started in life as a farmer, then commenced the
manufacture of wooden pumps and pipes, in which he
was engaged up to 1884; he was also engaged in
lumber dealing with W. W. Love; he has been road
commissioner, county commissioner, and prominent in
public life generally.

Charles E. Gunnison, cashier of the Marine
National Bank, Erie, Pa., was born August 9, 1829, at
Erie. He is a son of the late E. D. Gunnison, whose
history and genealogy are contained in this volume,
under the caption, " The Gunnison Family." Charles
E. Gunnison completed his education at the Erie
academy, and, at the age of 14, found employment as
clerk in the general store known as the " Canadian
Store," located in the original Reed House Block, on
North Park Row. From 1847 to the spring of 1851 he
was engaged in a clerical capacity in the Reed store,
owned by the late General Charles M. Reed. His
banking career commenced April 1, 1851, when he ac-
cepted a position with J. H. Williams, banker, Erie.
In 1853 he went to Terre Haute, Ind., to assume the
cashiership of the .Southern Bank of Indiana, where
he remained for nearly a year, returning thence to
Erie to become a member of the banking firm of C.
B. Wright & Co., the members of which were Charles

B. Wright, Frank P. Bailey and Charles E. Gunnison.
This firm was dissolved in 1858. In 1859, Mr. Charles
E. Gunnison associated with his brother, John B. Gun-
nison, established the tannery business which has ever
since been, and is still, conducted under the name of

C. E. Gunnison & Co., and is one of the most import-
ant and successful industries of Erie. Mr. Charles E.
Gunnison re-entered the banking business in the spring
of 1866 as assistant cashier of the Marine National
Bank, of Erie, with which he has ever since been con-
nected, and of which he became cashier in January,
1889. Aside from his active identification with the
business interest of his native city as banker and
manufacturer, Mr. Gunnison has contributed, in asso-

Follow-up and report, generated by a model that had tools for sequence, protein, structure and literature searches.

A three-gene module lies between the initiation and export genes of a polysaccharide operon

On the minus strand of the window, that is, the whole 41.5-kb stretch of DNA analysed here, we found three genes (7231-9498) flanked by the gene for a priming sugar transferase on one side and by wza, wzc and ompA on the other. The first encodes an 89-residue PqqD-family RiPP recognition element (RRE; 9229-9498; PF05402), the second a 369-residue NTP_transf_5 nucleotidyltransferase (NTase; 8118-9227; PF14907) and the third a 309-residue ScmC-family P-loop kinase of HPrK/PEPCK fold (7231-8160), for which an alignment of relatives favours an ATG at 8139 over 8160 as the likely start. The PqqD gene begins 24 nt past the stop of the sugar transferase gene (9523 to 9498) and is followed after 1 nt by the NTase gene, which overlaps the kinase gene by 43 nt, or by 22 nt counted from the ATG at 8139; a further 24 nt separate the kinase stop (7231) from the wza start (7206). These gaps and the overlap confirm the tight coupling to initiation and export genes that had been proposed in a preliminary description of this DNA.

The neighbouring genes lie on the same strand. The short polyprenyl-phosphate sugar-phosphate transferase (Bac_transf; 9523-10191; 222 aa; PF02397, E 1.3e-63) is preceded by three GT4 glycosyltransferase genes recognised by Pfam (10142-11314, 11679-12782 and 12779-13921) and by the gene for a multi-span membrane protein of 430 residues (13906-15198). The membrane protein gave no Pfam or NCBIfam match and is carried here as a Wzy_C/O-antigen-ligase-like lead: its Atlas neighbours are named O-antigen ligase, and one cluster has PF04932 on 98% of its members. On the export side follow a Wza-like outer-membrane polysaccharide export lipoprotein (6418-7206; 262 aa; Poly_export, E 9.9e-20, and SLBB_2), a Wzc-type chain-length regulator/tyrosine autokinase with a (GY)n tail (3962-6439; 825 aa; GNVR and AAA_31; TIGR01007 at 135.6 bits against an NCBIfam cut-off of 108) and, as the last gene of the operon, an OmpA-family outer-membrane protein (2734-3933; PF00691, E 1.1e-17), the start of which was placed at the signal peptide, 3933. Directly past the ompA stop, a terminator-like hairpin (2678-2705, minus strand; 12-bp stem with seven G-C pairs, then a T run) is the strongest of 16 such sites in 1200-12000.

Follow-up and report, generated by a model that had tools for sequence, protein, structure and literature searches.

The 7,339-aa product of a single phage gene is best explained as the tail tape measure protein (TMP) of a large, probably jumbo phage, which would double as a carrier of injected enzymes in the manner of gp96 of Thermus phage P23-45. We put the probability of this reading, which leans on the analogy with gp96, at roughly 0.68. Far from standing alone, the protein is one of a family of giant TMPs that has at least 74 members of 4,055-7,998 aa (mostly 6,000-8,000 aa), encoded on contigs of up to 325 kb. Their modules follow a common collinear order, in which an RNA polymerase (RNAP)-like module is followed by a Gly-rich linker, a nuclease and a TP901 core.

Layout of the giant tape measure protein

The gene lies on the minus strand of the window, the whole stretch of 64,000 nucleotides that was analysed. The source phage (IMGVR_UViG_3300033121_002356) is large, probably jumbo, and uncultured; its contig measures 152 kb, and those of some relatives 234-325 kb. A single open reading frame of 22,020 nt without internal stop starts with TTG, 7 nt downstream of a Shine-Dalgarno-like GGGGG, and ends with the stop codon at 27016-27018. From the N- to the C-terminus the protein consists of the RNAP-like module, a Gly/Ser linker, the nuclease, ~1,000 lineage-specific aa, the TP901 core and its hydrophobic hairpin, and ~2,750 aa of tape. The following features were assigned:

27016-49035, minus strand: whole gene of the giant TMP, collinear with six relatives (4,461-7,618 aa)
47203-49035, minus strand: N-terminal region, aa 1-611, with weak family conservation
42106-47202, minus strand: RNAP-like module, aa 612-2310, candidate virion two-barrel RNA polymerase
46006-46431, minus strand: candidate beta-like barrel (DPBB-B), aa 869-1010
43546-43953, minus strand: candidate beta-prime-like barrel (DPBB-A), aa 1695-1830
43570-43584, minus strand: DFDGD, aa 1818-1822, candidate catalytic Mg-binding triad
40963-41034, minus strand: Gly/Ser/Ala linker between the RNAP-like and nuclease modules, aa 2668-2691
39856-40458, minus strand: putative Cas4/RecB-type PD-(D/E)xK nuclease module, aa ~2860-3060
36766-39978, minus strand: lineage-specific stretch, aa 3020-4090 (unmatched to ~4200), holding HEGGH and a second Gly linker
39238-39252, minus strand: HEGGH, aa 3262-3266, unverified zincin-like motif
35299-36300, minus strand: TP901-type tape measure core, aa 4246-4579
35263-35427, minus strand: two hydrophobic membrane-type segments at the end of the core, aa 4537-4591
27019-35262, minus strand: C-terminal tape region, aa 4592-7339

ciation with his brother, in a very material way to its
growth by the erection of the several large structures
connected with the tannery plant on West Eighteenth
street, and nineteen dwelling houses, all of which they
still own. Mr. Charles E. Gunnison has been a mem-
ber of the Erie Board of Trade for many years, and



acted as vice-president of that body for one year. He
was married September 1, 1852, to Jane T. Welsh, a
native of the Isle of Man. Their children are: Emma,
wife of Dr. David H. Strickland, of Erie; Harry,
assistant cashier of the Marine National Bank, who
married Lucy, daughter of the late R. S. Morrison, of
Erie, and Carrie, widow of the late Frank T. Kimball,
former chief clerk of Superintendent J. M. Kimball,
of the Erie and Pittsburg R. R. Mr. and Mrs. C. E.
Gunnison reside at 151 West Seventh street, and are
members of the Park Presbyterian Church.

Albert Beujataiti Gunnisow (deceased), one of
Erie's well-known and successful manufacturers, was
born in Beaver Dam (now Greene township), Erie
county. Pa., September 1, 1830, a son of Benjamin and
Clarinda (Parker) Gunnison. She was a daughter of
Jonas Parker of Mill Creek township. Benjamin Gun-
nison was born in Kittery, Me., May 24, 1796, and
came to Erie county in 1815, locating in Mill Creek
township on a farm, where he lived two years; he then
purchased a property in Greene township, where he
followed farming for thirty-five years, when he moved
to Erie, still operating his farm in Greene township six
years longer; he then sold it to his sons and purchased
a fine property in East Mill Creek, where he resided
and continued farming for twelve years, then selling